National POLST Paradigm programsMajority of California healthcare settings recognize POLST as the preferred method of recording treatment preferences for persons with advanced illness or frailty

SNAPSHOTS:

  • California just one of three states recognized as having a “mature” POLST program
  • To achieve “mature” status a state’s POLST program must be implemented and recognized in every region of the state
  • Coalition-building model helped California spread POLST, including passing legislation in a relatively short period of time

California’s program for Physician Orders for Life-Sustaining Treatment (POLST) has received the highest level of recognition from the National POLST Paradigm, which establishes and oversees national standards for POLST.

The National POLST Paradigm announced today that California’s POLST program has achieved Mature status, a level reserved solely for programs in which POLST is implemented in every region of a state, and is used by 50 percent or more hospitals, nursing homes, and hospices. In addition, more than 75 percent of Emergency Medical Services (EMS) must have POLST protocols for a state to achieve Mature status.

In California, the POLST Paradigm program is run by the Coalition for Compassionate Care of California under the direction of CEO Judy Thomas, JD. The Coalition for Compassionate Care of California sponsored the legislation which established POLST in California. AB 3000 (Wolk) was passed unanimously and went into effect in January 2009.

Judy Thomas, JD“We’re excited to join Oregon and West Virginia as the only states recognized as having a Mature POLST program,” said Judy Thomas during an address at the Coalition for Compassionate Care of California 8th Annual Summit.

“Mature status would not be possible without the many volunteers who supported POLST legislation in California, and the grassroots efforts of the 27 local POLST coalitions who worked with us to design and spread the POLST education curriculum now used by many POLST programs around the country.”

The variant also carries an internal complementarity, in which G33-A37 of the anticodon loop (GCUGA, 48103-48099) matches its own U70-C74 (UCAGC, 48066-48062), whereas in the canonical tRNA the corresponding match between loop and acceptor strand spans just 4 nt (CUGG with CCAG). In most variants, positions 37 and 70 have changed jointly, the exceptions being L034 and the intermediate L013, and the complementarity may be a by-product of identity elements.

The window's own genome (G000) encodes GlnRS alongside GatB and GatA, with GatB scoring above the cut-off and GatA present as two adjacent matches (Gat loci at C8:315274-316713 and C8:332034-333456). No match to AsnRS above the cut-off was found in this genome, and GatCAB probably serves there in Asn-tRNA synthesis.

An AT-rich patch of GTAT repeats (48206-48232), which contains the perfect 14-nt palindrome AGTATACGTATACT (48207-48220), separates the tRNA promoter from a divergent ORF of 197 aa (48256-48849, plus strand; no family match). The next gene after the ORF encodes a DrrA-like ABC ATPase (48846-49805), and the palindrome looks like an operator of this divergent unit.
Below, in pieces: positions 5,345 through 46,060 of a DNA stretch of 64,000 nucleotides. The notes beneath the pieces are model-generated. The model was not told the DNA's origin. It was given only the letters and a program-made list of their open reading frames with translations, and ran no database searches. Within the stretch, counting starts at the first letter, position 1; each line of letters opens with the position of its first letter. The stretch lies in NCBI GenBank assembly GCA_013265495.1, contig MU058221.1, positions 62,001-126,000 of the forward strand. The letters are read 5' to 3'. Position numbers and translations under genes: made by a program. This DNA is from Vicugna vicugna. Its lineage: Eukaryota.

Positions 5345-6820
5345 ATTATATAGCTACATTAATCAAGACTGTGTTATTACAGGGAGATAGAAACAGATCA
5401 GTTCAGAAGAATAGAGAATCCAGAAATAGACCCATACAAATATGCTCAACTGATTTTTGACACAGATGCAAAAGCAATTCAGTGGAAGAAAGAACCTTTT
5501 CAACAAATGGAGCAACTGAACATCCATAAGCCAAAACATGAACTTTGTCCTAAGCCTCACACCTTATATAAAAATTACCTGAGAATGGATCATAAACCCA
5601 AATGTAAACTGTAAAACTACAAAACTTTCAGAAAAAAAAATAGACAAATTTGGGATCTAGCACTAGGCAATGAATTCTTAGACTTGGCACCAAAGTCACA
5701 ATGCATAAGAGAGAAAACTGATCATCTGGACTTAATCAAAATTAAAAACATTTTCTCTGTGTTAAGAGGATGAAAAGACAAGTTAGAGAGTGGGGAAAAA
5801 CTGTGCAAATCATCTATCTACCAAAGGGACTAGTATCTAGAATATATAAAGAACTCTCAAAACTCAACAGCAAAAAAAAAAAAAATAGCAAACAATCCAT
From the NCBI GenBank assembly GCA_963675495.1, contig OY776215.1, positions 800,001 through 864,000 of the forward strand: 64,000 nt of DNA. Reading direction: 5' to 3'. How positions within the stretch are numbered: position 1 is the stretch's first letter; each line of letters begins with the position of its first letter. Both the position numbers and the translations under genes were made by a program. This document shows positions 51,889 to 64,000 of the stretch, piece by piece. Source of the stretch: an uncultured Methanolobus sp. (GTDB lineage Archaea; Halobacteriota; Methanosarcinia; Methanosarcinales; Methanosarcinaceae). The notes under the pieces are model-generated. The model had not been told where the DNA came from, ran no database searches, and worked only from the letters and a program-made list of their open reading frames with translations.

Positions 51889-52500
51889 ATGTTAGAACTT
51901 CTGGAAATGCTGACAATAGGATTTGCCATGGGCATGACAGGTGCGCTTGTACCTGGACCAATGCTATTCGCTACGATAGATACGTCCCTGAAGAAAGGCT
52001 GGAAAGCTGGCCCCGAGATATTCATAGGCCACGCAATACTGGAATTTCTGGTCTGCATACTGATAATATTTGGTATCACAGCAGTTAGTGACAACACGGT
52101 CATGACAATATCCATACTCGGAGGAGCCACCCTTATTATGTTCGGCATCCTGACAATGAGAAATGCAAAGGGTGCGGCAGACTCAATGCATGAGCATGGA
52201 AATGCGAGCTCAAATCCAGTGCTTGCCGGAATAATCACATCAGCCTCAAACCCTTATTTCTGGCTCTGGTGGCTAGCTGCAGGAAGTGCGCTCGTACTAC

POLST is a medical order signed by both a patient and physician, nurse practitioner or physician assistant that specifies the types of medical treatment a patient wishes to receive toward the end of life. POLST is also a tool that encourages conversation between providers and patients about their end-of-life treatment options, and helps patients make more informed decisions and communicate their wishes clearly. As a result, POLST can prevent unwanted treatment, reduce patient and family suffering, and help ensure patient wishes are followed.

“The Coalition for Compassionate Care of California was successful at implementing POLST because they built a strong implementation model by forming coalitions comprised of stakeholders representing a diverse array of interests,” said Amy Vandenbroucke, executive director of the National POLST Paradigm. “We are pleased to recognize California’s POLST program, particularly since Judy Thomas has been so willing to mentor other developing states by sharing the California model.”

In 2015, the Coalition for Compassionate Care of California sponsored two POLST-related bills and both were signed by Governor Jerry Brown. AB 637 (Campos) allows nurse practitioners and physician assistants – under the supervision of a physician and within their scope of practice – to sign POLST forms and make them actionable medical orders. SB 19 (Wolk) requires the State to establish and operate a statewide digital registry for the purpose of collecting POLST forms received from health care providers.